Over 400 people have died from the worst cholera outbreak in the Zambia since the 1970s.
More than 10,000 people have been infected with authorities ordering the closure of schools across the country after the end-of-year holidays.
A large soccer stadium in the capital city has been converted into a treatment facility.
The Zambian government is embarking on a mass vaccination program and says it’s providing clean water 2.4 million liters a day — to communities that are affected across the southern African nation.
The National Disaster Management Agency has been mobilized. Half of the population affected.
The country’s Public Health Ministry says cholera has been detected in nearly half of the country’s districts.
Nine out of 10 provinces in the nation of about 20 million people have been recording more than 400 cases a day.
“This outbreak continues to pose a threat to the health security of the nation,” Health Minister Sylvia Masebo said, outlining it was a nationwide problem.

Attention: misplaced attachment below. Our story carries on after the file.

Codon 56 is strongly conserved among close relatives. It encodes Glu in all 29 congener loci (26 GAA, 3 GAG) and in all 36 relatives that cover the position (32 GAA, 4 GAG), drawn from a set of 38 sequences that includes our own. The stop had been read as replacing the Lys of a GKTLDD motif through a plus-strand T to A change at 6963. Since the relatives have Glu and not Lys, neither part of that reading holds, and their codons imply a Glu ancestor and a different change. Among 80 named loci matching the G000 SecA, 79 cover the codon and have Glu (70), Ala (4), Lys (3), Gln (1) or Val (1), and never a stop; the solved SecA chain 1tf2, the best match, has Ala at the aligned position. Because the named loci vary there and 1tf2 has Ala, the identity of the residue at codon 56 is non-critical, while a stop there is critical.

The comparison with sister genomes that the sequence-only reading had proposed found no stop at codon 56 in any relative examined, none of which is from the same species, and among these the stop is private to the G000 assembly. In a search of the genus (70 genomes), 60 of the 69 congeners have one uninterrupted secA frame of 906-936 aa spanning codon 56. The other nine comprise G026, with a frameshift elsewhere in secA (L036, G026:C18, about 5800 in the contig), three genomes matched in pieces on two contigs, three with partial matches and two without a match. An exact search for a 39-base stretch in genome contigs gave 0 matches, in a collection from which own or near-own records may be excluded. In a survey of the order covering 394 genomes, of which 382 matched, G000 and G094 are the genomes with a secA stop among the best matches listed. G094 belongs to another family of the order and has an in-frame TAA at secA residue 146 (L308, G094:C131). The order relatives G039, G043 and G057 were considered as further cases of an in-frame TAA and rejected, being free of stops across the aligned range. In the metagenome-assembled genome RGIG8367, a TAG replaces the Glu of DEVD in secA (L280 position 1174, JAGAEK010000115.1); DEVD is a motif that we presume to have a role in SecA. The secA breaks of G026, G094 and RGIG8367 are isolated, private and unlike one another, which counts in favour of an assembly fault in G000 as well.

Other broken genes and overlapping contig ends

More than half — 229 — of the victims in the Zambian outbreak died before being admitted to a health facility, the public health institute said.
Zambia has had several major cholera outbreaks since the 1970s but this one is the worst for 20 years in terms of the caseload.
The United Nations Children’s Fund, UNICEF, called the fatality rate of around 4% in the three-month outbreak “a devastatingly high number.” When treated, cholera typically has a death rate of less than 1%.
There have been recent cholera outbreaks in other southern African nations including Malawi, Mozambique and Zimbabwe. More than 200,000 cases and over 3,000 deaths have been reported in southern Africa since the start of 2023, UNICEF said.